Glycans are vital components in nature and play essential roles in nearly all biological processes. Their extensive structural diversity enables them to encode significant information related to biological functions. However, this diversity poses significant challenges when it comes to characterizing glycans. Currently, the combination of liquid chromatography (LC) and mass spectrometry (MS) with fluorescence labelling is considered the most reliable method for separating and quantifying glycans.
While hydrophilic-interaction liquid chromatography (HILIC) and porous graphitized carbon (PGC) stationary phases are effective in separating highly polar carbohydrates, they often struggle with separating mixtures of isomers and glycoconjugates that possess amphiphilic characteristics, such as glycopeptides and glycolipids. Additionally, interpreting glycan MS data can be difficult due to the frequent occurrence of regio- and stereoisomers, making it challenging to assign specific structures.
To overcome these limitations, researchers have explored the implementation of ion mobility spectrometry (IMS) as an additional separation step within existing LC–MS workflows. This separation mechanism of IMS enables the differentiation of isomers. Hyphenated IM-MS systems have significantly improved resolution over the past decade. This progress has led to discussions about potentially replacing the LC dimension with IMS in certain approaches.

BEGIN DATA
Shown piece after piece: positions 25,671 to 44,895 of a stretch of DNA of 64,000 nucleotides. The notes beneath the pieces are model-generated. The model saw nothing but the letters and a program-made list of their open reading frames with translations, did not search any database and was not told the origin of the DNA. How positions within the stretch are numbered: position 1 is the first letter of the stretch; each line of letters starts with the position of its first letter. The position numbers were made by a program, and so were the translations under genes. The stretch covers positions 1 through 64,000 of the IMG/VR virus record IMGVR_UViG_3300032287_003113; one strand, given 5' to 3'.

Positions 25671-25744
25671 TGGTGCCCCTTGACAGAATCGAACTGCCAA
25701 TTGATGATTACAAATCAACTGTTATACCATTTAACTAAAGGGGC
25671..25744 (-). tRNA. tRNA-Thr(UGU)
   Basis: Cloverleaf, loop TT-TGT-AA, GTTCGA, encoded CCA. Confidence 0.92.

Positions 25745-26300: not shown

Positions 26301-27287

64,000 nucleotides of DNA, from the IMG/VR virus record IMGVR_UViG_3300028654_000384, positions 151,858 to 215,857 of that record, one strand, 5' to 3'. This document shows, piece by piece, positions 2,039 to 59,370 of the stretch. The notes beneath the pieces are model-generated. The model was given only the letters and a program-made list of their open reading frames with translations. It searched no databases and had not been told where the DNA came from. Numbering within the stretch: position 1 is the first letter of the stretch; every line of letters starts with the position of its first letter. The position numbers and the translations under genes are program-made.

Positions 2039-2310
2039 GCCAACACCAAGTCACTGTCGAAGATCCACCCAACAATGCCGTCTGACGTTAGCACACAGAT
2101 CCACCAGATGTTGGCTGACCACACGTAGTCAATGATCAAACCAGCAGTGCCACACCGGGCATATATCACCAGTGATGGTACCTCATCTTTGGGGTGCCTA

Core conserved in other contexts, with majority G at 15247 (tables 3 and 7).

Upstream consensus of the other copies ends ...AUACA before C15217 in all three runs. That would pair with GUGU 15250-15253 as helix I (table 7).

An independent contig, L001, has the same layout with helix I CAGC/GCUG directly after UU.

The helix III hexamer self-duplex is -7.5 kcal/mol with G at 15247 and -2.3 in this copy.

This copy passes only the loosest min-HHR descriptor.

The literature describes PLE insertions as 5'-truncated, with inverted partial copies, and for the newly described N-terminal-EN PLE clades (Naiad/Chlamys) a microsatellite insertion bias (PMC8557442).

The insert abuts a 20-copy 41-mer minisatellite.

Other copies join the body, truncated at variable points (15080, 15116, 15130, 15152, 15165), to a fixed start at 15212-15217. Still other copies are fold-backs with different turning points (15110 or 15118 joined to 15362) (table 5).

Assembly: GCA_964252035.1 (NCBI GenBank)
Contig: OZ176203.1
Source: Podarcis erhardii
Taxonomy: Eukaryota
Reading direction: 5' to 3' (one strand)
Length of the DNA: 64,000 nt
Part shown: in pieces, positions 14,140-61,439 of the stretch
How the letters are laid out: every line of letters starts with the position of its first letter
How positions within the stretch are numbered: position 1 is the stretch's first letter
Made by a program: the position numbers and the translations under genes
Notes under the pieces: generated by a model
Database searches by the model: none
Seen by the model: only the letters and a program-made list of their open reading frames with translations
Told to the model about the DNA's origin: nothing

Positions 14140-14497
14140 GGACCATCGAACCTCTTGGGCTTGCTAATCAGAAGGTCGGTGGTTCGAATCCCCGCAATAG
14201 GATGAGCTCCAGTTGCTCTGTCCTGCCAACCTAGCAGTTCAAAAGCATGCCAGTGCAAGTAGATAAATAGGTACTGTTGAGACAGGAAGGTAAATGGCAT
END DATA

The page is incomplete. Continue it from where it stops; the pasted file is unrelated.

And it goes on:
Kevin Pagel from the Free University of Berlin, Germany, highlighted the potential of LC–MS as a tool for separating and identifying isomeric glycans and glycoconjugates in a keynote lecture at HPLC 2023 in Düsseldorf (1). Experimental data showed that the sialylation profile of N-linked glycans attached to glycopeptides and intact glycoproteins can be easily monitored using fragmentation and subsequent IM-MS analysis. Since only fragments are analyzed in this workflow, it can be readily incorporated into existing LC–IMS methods. Furthermore, the high resolving power of trapped ion mobility spectrometry (TIMS) allows for the separation and identification of challenging O-glycan isomers without the need for prior separation via LC. This approach has been successfully applied to measure characteristic glycosylation features in clinical sputum samples obtained from both healthy individuals and patients with cystic fibrosis.
Pagel concluded the combination of LC–IMS shows promise as a powerful approach for overcoming the challenges associated with characterizing glycans. By incorporating IMS, isomeric glycans and glycoconjugates can be effectively separated and identified, enabling a better understanding of their roles in biological processes. This approach has the potential to contribute significantly to the field of glycan research and its applications in clinical settings.
(1) Pagel, K. Glycan Analysis using Liquid Chromatography and Ion Mobility-Mass Spectrometry. Presented at: HPLC 2023. June 18-22, 2023. Duesseldorf, Germany. KN36.